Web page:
For example, I’m currently writing a new book (on How to achieve anything in life). Book writing at its full scale is an enormous project and can be overwhelming. However, when I break it down into phases such as –

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  • (1) Research
  • (2) Deciding the topic
  • (3) Creating the outline
  • (4) Drafting the content
  • (5) Writing Chapters #1 to #10,
  • (6) Revision
  • (7) etc.

Suddenly it seems very manageable. What I do then is to focus on the immediate phase and get it done to my best ability, without thinking about the other phases. When it’s done, I move on to the next.

2. Change Your Environment

Different environments have different impact on our productivity. Look at your work desk and your room. Do they make you want to work or do they make you want to snuggle and sleep? If it’s the latter, you should look into changing your workspace.

One thing to note is that an environment that makes us feel inspired before may lose its effect after a period of time. If that’s the case, then it’s time to change things around. Refer to Steps #2 and #3 of 13 Strategies To Jumpstart Your Productivity, which talks about revamping your environment and workspace.

3. Create a Detailed Timeline with Specific Deadlines

Having just 1 deadline for your work is like an invitation to procrastinate. That’s because we get the impression that we have time and keep pushing everything back, until it’s too late.

Break down your project (see tip #1), then create an overall timeline with specific deadlines for each small task. This way, you know you have to finish each task by a certain date. Your timelines must be robust, too – i.e. if you don’t finish this by today, it’s going to jeopardize everything else you have planned after that. This way it creates the urgency to act.

My goals are broken down into monthly, weekly, right down to the daily task lists, and the list is a call to action that I must accomplish this by the specified date, else my goals will be put off.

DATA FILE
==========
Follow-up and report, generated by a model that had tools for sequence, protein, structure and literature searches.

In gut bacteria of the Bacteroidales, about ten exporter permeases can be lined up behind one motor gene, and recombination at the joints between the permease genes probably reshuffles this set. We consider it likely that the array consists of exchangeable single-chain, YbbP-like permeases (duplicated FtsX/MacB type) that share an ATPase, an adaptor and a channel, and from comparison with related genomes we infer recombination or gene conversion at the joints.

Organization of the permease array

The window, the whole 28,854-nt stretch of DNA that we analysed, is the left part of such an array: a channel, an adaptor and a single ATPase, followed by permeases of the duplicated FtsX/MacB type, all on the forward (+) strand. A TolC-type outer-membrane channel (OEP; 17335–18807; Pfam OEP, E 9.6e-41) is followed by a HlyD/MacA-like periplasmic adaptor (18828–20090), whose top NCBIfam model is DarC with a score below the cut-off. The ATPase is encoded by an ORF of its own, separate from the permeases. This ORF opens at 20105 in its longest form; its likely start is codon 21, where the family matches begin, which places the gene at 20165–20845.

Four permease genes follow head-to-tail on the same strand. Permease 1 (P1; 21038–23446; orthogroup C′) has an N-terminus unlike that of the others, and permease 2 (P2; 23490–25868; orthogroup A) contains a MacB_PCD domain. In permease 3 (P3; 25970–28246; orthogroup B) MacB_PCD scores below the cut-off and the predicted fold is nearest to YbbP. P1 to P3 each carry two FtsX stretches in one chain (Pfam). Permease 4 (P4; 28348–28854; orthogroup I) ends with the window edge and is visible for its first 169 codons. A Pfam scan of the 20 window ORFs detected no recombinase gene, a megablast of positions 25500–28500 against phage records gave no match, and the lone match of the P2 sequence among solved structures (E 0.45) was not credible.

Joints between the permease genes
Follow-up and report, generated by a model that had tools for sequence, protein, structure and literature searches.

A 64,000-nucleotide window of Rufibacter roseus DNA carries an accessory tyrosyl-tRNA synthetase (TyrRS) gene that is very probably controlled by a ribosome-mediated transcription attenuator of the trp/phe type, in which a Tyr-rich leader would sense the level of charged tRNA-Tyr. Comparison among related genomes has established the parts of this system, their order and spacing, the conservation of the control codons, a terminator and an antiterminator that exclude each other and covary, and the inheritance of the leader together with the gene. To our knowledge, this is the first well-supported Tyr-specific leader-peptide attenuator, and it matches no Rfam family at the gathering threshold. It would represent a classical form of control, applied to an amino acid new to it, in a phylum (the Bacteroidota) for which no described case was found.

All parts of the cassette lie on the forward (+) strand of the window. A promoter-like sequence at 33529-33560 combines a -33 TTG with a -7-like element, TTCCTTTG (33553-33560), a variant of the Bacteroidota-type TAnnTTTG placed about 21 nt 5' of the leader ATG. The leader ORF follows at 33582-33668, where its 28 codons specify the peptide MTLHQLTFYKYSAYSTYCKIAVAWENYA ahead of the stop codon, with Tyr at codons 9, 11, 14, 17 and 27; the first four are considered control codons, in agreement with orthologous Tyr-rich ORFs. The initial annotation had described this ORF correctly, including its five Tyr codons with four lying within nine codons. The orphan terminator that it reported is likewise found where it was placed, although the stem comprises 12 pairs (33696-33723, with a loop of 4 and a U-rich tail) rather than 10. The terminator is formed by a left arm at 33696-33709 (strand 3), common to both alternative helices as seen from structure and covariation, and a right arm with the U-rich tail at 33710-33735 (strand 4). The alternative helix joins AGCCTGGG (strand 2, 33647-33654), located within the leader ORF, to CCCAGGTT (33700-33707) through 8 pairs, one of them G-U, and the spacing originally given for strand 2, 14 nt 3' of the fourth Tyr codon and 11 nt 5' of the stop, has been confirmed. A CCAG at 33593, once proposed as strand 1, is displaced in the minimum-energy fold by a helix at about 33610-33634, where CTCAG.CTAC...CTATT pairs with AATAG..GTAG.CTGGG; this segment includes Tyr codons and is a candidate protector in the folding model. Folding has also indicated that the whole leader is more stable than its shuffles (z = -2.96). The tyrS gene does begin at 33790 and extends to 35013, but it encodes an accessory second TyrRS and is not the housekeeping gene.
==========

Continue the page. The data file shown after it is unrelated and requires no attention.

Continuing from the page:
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Here’re more tips on setting deadlines: 22 Tips for Effective Deadlines

4. Eliminate Your Procrastination Pit-Stops

If you are procrastinating a little too much, maybe that’s because you make it easy to procrastinate.

Identify your browser bookmarks that take up a lot of your time and shift them into a separate folder that is less accessible. Disable the automatic notification option in your email client. Get rid of the distractions around you.

I know some people will out of the way and delete or deactivate their facebook accounts. I think it’s a little drastic and extreme as addressing procrastination is more about being conscious of our actions than counteracting via self-binding methods, but if you feel that’s what’s needed, go for it.

5. Hang out with People Who Inspire You to Take Action

I’m pretty sure if you spend just 10 minutes talking to Steve Jobs or Bill Gates, you’ll be more inspired to act than if you spent the 10 minutes doing nothing. The people we are with influence our behaviors. Of course spending time with Steve Jobs or Bill Gates every day is probably not a feasible method, but the principle applies — The Hidden Power of Every Single Person Around You

Identify the people, friends or colleagues who trigger you – most likely the go-getters and hard workers – and hang out with them more often. Soon you will inculcate their drive and spirit too.

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As a personal development blogger, I “hang out” with inspiring personal development experts by reading their blogs and corresponding with them regularly via email and social media. It’s communication via new media and it works all the same.